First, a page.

a mother’s love

Fifteen years.  It really has been that long since I have seen your beautiful face, mom.  How can fifteen years fly by so quickly yet seem like yesterday when I held your hand and watched you take your last breath as my sisters and I gave you permission to leave us for Jesus?  I felt so relieved you were finally free of all the pain and destruction MS had given you but at the same time devastated at losing the security and love you provided.  When I span the days and years that have brought me to today, the memory of your love is a cherished piece of my heart.  One of my first memories is sitting behind our neighbor’s basement bar as the tornado sirens whistled and we took cover together because the dads were both out of town.  I remember hiding in the cabinet like my big sister but being scared of the dark.  When I rushed out of the darkness, your arms and pregnant belly were there to tuck me in close to your heart.  That same protection and acceptance carried me for years because I always knew no matter where life took me, you would be there with open arms to love me through the next celebration and devastation.  I miss your laugh, mom.  I miss that contagious, uncontrollable laughter when tears would fall and the laughter kept going and going.  Sometimes I would roll my eyes thinking you were so silly and ridiculous, and other times I would be right there with you giggling as tears rolled down my cheeks too.  No matter the situation, you knew how to laugh and taught me not to take life too seriously because everyone needs to celebrate laughter and look on the positive side of life.  And oh did you stay positive up to the very end.  An eternal optimist, you were always looking at the good in others, always pointing to the positive.  It is a quality I have always admired about you and strive to emulate.  All those times when my sisters and I would sit at the kitchen table playing Nerts with you are memories so very near and dear to my heart.  The competition was fierce and sometimes you would say “damn it” and I would laugh because my own mom, nearly perfect in my eyes, could cuss.  As much as I hated your bland style of cooking (which Carrie, Amy and I still talk about), I loved the time in the kitchen with you.  You let me experiment and help, never making me feel I was in the way.  Instead, you let me cook right alongside you teaching me the foundations I needed.  Most of the time I would sit on the kitchen counter as you worked and I would tell you every single detail of my life.  I do not remember wanting advice or feeling judged by you for whatever I would share.  Instead, you led me back to Christ, you accepted my emotions and opinions.  You gave me your unconditional, complete attention.  Sometimes you told me things I did not want to hear, and I would get frustrated knowing you were right…although I hardly ever admitted it.  And what you taught me in those precious moments was I mattered.  And now that I am a mom, because of your listening ear and gentle heart, I have learned to embrace those moments when my own kids open up and tell me the details of their day and share the essence of their souls.  They are precious moments, with you and with them, brought together through the span of time, weaved with the knowledge that a mom has the ability to bring such peace and comfort to a child’s heart.    My childhood was safe because of you.  It was comfort and warm cookies and chocolate milkshakes for breakfast (with a raw egg blended in for protein of course).  It was disgusting carob chips my sisters and I hated and farm fresh eggs when you joined the co-op fad.  My childhood was watching you look in my closet and under my bed to make sure there were not any monsters or men who were going to grab my feet while I slept.  It was shopping trips and walks with the dog. It was arguing and telling you I hated you knowing it would crush your heart yet secretly feeling bad for saying it.  It was learning to ask for forgiveness and trusting you would always embrace me with love and grace when I was so mean and rude to you.  I learned and embraced mercy because of your example in my teen years when I was hurt and rebellious and absent.  I miss you mom.  I miss the age spots on the back of your hands.  I miss stealing your warm socks and sitting on your bed while you got ready for the day.  I miss sharing giggles and enjoying Hostess Cupcakes and trips to KFC together.  I miss calling you up at any time of the day knowing you would never tell me you did not have time for me but would patiently drop what you were doing to talk or more honestly, to listen.  I miss the old days in Omaha watching you play the hand bells and sing in the choir.  I miss learning how to quilt and teasing you for the piles and piles of material you collected over the years.  I miss walking in the door and knowing where to find you. I miss swimming in our back yard as you and your best friend sat on the deck talking and laughing.  I have so many wonderful memories of you.  Your beauty was more than your sweet smile and engaging, accepting heart.  You reflected the love of Jesus to everyone around you. Even in the height of your physical pain and suffering as you laid in that nursing home I hated so much, I saw the light of Jesus in your eyes.  You always said if only one person came to know Jesus because of your suffering, because of the pain life handed you those last few years, then it was all worth it.  Mom, you taught me the backbone of my own pain, the essence of my own trudging through disappointments and failures is Jesus.  You showed me the heart of Jesus in how you lived your life every single day.  So today mom, today as I get to spend time with my own children, know your love, your example, your sweet words of encouragement, your effort and dedication to raise me to know Jesus…it is paying off.  You showed me how to be a mom, how to love my kids with grace, how to mess up and still receive forgiveness, how to laugh no matter what life hands me.  You showed me the best of me is all because of the best of you.  I love you and miss you, mom, and cannot wait to run into your arms one day when I get to Heaven.  Oh what a giggle party we will have, tears and all.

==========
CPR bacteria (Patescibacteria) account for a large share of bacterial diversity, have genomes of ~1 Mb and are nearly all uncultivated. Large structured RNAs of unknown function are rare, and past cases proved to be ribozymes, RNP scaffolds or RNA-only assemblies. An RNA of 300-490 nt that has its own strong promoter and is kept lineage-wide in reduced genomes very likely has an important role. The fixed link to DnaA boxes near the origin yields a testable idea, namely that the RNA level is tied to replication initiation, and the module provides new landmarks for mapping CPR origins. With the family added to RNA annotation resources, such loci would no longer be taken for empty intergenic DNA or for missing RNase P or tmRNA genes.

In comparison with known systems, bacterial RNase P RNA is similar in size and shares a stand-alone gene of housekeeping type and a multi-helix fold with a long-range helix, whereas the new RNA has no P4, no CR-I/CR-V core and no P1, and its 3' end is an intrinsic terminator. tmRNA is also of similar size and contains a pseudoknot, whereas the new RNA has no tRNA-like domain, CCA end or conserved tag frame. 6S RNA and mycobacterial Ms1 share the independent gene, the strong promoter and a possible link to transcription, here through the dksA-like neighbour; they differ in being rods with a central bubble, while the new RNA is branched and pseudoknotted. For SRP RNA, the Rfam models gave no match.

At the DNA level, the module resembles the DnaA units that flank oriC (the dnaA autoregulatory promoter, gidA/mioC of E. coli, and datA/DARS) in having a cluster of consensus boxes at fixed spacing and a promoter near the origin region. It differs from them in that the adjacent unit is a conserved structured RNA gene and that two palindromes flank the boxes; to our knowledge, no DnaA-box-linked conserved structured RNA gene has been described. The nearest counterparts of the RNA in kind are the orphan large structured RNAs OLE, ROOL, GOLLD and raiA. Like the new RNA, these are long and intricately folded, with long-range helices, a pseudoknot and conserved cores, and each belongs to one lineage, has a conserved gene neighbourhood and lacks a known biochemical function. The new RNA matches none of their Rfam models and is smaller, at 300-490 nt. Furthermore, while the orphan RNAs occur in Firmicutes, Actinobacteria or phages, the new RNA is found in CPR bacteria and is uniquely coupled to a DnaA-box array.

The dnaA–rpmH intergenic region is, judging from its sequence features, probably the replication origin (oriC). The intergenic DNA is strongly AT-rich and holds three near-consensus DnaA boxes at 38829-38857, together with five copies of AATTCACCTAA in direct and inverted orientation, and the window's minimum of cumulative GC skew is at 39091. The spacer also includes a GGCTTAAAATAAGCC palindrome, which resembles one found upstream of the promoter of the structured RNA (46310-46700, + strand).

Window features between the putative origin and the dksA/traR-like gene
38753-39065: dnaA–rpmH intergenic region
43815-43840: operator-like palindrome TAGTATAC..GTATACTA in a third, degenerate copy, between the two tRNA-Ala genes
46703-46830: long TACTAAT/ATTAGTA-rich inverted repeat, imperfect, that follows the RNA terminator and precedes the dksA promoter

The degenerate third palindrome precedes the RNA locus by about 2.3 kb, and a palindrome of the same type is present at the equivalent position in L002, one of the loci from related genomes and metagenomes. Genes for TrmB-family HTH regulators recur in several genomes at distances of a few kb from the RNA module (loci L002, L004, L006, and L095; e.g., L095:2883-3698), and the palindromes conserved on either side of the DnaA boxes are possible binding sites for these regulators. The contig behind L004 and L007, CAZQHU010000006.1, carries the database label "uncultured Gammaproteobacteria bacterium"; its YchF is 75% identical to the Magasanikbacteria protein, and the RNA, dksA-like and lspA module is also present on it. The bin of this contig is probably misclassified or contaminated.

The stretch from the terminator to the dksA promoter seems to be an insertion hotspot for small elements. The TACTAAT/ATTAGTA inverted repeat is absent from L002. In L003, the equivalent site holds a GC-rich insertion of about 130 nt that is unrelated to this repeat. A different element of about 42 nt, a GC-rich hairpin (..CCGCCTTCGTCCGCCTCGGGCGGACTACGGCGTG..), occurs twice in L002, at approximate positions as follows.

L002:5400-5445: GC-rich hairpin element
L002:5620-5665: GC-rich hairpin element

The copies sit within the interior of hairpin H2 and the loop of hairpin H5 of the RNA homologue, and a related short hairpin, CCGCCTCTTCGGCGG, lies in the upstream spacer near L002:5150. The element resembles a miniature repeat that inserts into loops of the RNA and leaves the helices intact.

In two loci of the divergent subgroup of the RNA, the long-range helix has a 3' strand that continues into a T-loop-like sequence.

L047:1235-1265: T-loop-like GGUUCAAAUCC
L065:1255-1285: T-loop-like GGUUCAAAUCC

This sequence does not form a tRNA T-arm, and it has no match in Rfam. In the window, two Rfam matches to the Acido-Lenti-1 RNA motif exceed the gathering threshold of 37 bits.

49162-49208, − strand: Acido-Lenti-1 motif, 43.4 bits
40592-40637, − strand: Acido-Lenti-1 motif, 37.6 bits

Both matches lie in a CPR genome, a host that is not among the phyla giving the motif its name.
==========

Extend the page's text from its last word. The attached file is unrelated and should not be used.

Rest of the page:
One thought on “a mother’s love

  1. KIM that was so beautiful what you wrote about your Mom. My Mom been gone since 1976, I did not see here the last 7 years she lived as they lived in AZ and us in Plattsmouth and did not have the money to travel to see her.
    What you wrote is like the Mom I grew up with on the farm. She was so kind and loving. But after I was married she got into the JW belief and because I came a born again believer , she had little to do with our family. I grief for 7 years over that. Thanks for writing about your Mom as it bought back the kind I grew up with.